gumboot dancers are commonly sighted on the streets and plazas of tourist areas in South Africa, such as the V&A Waterfront in Cape Town. The dance likely originated among South African gold miners , and especially among their tough working conditions. ‘Gumboot’ hit the charts in the early to mid-60’s through the popularisation by white South African bandleaders like Sam Sklair and Dan Hill a.o. who scored big hits with adaptions of gumboot song themes. See my earlier posts on the music of Sam Sklair and POP goes the gumboot.
about the origins of gumboot dances…
the floors of the mines were often flooded, with poor or non-existent drainage. For the miners, hours of standing up to their knees in infected waters brought on skin ulcers, foot problems and consequent lost work time. The bosses discovered that providing gumboots (Wellington boots) to the workers was cheaper than attempting to drain the mines. This created the miners uniform, consisting of heavy black Wellington boots, jeans, bare chest and bandannas to absorb eye-stinging sweat. Many of the steps and routines are parodies of the officers and guards who controlled the mines and workers’ barracks.
The gold mines of the Witwatersrand reef, which runs east-west through Johannesburg, have drawn thousands of African men from South Africa and nearby countries Lesotho, Swaziland, Mozambique, Botswana and Malawi to work since the late 1800’s. From early days, one of their main off-duty recreations was dancing. ‘Inter-tribal’ dances were open to the public, but it was only in 1943 that the first semi-circular arena was specifically built for the purpose ‘so that the art of African dancing should receive its proper recognition from white and black alike’ as Hugh Tracey wrote in his illustrated book ‘African Dancing of the Witwatersrand Gold Mines’*
Each ethnic group’s dancing could be better shown off both to the other miners –some of the mines employed over 10.000 men- and to visitors and tourists. It was not long before scores of dance arenas appeared along the whole line of gold mines. The Mine Dances became a huge tourist attraction, and with good reason; the dances of southern Africa are among the most dramatic, energetic and exciting of the whole continent, and this was the one place where so many of them could be seen together.
However, it was soon the Apartheid era, when all inter-racial relations became obsessively fraught with political tension. By the 1980’s the separations inherent in this hugely popular event began to be suspect with liberal thinkers in the mining houses, not only because white and black watched from separate parts of the arenas, but even because each ethnic group present on the mines danced its own styles separately. There are now no more Mine Dances, except at Gold Reef City, a nostalgic retrospect with professional dancers.
- published by the African Music Society. Gives full details and photographs of the dances. Available from ILAM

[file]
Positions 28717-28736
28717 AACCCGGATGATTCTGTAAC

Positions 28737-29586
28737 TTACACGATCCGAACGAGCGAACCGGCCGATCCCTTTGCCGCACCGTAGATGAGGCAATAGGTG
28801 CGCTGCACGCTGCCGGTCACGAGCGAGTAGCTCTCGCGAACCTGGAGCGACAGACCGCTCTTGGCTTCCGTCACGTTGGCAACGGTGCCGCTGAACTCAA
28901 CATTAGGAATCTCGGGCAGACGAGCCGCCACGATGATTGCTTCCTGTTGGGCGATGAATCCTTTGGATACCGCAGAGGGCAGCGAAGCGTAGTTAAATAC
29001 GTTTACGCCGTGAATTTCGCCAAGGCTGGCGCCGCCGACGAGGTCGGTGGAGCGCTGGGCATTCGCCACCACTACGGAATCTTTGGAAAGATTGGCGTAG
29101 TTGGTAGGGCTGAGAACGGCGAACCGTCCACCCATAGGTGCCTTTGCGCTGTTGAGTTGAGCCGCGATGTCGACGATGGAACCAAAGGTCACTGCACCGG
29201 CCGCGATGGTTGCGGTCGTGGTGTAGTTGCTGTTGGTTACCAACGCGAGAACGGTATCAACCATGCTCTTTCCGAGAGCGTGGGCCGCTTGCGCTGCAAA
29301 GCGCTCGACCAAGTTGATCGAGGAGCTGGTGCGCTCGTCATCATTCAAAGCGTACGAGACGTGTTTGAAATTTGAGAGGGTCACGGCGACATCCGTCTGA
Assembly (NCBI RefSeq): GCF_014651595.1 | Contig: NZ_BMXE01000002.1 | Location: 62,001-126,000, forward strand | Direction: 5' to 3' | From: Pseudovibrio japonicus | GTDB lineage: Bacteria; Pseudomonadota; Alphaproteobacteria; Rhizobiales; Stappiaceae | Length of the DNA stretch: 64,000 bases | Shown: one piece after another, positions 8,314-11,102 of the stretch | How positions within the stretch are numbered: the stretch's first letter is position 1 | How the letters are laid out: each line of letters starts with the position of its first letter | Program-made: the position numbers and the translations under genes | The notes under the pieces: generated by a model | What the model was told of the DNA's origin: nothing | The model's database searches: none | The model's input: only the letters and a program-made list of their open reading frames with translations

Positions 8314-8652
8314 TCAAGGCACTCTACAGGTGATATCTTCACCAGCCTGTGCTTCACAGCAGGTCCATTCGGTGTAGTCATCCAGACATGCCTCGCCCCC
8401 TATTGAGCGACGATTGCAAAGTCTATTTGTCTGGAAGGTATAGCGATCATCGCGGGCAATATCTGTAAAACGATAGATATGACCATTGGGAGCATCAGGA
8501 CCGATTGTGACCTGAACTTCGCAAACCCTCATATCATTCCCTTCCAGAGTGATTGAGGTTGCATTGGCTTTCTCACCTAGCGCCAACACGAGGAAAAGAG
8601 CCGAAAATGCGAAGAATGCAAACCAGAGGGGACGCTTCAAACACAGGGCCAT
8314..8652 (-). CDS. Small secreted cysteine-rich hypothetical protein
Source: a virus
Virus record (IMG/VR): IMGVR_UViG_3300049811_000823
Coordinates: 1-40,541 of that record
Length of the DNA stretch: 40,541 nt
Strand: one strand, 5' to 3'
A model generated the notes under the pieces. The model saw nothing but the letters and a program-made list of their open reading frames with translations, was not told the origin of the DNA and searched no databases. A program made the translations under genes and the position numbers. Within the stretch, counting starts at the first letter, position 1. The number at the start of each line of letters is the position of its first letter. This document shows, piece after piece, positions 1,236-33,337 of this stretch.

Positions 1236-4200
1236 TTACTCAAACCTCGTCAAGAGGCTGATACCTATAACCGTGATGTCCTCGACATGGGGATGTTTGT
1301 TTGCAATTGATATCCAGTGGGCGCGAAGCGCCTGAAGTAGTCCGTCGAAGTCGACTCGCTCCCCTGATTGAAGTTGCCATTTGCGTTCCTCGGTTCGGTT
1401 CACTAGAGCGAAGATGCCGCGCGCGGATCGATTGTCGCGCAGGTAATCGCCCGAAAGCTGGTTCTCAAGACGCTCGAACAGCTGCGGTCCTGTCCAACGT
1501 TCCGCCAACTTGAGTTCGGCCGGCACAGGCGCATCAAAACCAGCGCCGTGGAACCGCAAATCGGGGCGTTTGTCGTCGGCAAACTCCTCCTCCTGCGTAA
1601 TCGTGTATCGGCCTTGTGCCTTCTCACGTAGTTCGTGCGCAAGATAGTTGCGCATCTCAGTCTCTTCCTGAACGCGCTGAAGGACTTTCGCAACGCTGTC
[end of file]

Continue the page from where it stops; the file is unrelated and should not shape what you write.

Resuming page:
Ndhlamini–by Baca men. The Baca are related to the Swazi, but live further south in the Cape Province of South Africa. The singers start the performance, and once the rhythm and tempo are established the dancers begin their routine. The end of each movement is marked by the dancers turning to one side and kneeling on one knee, with sticks pointing over the shoulder of the man in front.
Malira –by Zingili men. The Zingili clan from the northern end of Zululand and the southern part of Swaziland are the most popular exponents of the Ndhlamu dance. A group of friends of the dancers provide the dance music by singing, humming and clapping.
Wo Yo Yo –by Mpondo men from Pondoland in the Eastern Cape Province of South Africa.
The Mpondo version of the Ndhlamu dance is taken at a slightly faster tempo. The nonsense words sung by the leader are intended to reinforce the rhythm rather than provide a lyric.
The Muchogonlo Tumbling Dance –of the Ndau from the Mpanda district of Mozambique.
The dancers perform a series of athletic steps and routines to the accompaniment of drums, most of which are intended to evoke laughter either by their antics or by the brilliant syncopation of their performance
The sound of the leg rattles and of small bells which are strapped across the chests of the dancers enhances the urgency of the action. By rapidly flexing and unflexing alternate knees the dancers appear to ripple the whole length of their bodies. They take their orders from the whistle player, while the concertina provides the simple ground music that keeps the team dancing in unison
The dancers exploit their Wellington rubber boots to the full by slapping them with their hands or by clapping their feet together. Each syncopated routing is given a name that the leader calls out to his men so that they will know which action to perform on the word of command. A single guitarist who strums one chord only provides the simple background music.
photographs courtesy of ILAM
‘African Dancing of the Witwatersrand Gold Mines’ by Hugh Tracey
African dances from the Witwatersrand Gold Mines part 1 and 2
Music from Africa Series 12 & 13
published by ILAM